In addition to release of liability for defamation. Congress also released these private corporations from fear of an antitrust suit. But it is only reasonable that by granting such immunity, the federal government must assume responsibility for the wrongful action of these private corporations, let the victims of a wrongful publication be denied the equal protection of the law. And isn't such protection also part of our Constitution?

Upon submission, these corporate publications are distributed on federal letterhead. There is no scrutiny by the federal government to verify the accuracy of these corporate publications. There is no oversight. They publish and thus endorse what is mailed to them in a government publication originated from Washington DC.

The publications are distributed widely. First, they are sent to the doctor's employer, his licensing board, any secondary licensing agency, their certification board and every hospital he works at, or will work at in the future. The item is then sent to the DEA, the agency that issues the prescription powers.

With each publication, the doctor is inevitably subjected to a new "adverse action" which generations secondary "adverse action reports". Other states he is licensed in will issue their own investigation and still another Data Bank. This is the multiplier effect, where one entry becomes 5 entries. Clearly there is a double jeopardy issue here.

And then there is a due process issue. If a hospital is publishing so called "data", how exactly was such "data" arrived at? The reference to a data bank entry as "data" would suggest some sort of mathematical accuracy to the publication. Yet who guarantees it's accuracy? Does false information become data upon typing it into a computerized "data bank"? When it comes to computer data entry, garbage in equals garbage out.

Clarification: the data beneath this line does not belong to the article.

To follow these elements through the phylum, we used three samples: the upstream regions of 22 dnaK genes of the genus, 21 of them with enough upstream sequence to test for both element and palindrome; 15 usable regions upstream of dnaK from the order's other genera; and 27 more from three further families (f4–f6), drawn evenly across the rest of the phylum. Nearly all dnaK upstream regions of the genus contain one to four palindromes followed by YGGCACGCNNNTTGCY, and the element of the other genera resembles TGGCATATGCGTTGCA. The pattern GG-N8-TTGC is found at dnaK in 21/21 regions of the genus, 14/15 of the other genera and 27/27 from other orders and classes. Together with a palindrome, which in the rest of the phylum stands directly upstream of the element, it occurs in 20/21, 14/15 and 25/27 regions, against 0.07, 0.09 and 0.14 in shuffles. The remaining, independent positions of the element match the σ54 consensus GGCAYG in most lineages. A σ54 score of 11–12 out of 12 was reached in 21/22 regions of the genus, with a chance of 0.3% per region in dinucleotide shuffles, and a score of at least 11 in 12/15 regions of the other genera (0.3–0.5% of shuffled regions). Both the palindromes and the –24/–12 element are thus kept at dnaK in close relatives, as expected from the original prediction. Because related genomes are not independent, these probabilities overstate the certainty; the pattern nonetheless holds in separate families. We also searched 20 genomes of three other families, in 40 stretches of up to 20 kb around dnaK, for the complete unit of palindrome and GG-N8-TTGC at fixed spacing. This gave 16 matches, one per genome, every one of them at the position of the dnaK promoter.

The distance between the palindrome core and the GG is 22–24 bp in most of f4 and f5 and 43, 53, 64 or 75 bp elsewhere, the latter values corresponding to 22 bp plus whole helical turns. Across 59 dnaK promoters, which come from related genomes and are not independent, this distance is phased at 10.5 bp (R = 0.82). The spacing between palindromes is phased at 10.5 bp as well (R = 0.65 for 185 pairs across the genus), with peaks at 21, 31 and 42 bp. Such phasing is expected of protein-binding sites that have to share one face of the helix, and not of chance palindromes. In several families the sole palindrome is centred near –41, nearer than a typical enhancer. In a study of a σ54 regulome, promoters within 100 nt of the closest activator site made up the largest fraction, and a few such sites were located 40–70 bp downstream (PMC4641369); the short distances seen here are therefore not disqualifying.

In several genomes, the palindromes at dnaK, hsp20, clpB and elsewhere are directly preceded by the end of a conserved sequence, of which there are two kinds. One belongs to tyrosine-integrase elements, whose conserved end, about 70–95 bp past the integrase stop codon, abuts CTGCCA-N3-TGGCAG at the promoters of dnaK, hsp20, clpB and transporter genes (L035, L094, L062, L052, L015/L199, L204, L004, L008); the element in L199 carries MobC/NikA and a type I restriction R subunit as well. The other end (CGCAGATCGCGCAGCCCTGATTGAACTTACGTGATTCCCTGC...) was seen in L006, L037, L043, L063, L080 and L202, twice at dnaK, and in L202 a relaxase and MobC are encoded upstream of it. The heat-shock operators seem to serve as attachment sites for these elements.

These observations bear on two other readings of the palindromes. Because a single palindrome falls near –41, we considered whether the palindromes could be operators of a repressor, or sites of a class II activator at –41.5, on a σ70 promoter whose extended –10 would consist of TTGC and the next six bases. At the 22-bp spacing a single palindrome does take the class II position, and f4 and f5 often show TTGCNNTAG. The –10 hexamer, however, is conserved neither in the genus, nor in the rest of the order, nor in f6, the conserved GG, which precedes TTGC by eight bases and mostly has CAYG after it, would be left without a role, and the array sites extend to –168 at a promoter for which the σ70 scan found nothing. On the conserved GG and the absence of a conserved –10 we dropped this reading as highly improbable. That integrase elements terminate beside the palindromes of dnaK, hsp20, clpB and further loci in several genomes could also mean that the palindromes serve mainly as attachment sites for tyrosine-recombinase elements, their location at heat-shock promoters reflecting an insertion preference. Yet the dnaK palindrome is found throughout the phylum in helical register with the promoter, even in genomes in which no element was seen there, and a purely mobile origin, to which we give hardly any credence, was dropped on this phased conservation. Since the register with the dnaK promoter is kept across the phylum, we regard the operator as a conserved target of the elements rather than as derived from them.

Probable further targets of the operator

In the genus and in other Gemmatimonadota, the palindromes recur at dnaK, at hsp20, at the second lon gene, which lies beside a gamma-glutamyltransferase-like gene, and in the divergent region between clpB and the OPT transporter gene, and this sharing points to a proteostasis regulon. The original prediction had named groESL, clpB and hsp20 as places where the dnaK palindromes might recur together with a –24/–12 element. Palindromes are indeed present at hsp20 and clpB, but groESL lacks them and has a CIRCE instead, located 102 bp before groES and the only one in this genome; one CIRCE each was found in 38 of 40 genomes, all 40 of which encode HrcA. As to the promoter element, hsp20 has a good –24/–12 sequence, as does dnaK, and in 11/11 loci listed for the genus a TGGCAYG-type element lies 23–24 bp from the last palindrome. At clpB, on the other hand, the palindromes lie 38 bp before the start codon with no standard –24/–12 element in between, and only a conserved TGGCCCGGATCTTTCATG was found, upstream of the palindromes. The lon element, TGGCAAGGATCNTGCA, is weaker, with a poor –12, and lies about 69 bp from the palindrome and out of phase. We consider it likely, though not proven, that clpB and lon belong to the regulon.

There are very serious consequences to a data bank entry. If the doctor loses his job, he loses his liberty. Is there any guarantee this loss of liberty if accompanied by the requisite "due process of law" that is guaranteed by the US Constitution? The answer to this question is a resounding no.. Congress did not mandate these hospitals comply with Constitutional due process standards before they submit what amounts to corporate verdicts of corporate trials. As such a trial, no appeal is allowed, no discovery is allowed and no confrontation is mandated.

Congress can only do what they are authorized to do . All congressional authority comes from the Constitution. The Constitution guarantees the right to constitutional due process before a man is deprived of his liberty. A listing leads to a loss of liberty, yet there is no guarantee of due process.

And that is where Congress failed. They failed to abide by the supreme law of the land. Congress created an agency that is in fundamental violation of the rules they are obligated to follow. Thus the NPDB must fail, as the McCarthy blacklist failed, lest we all lose more good doctors. That that is bad for all of us.

For further information on the Data Bank, please feel free to consult with The Center For Peer Review Justice at info@PeerReview.org  or 504-621-1670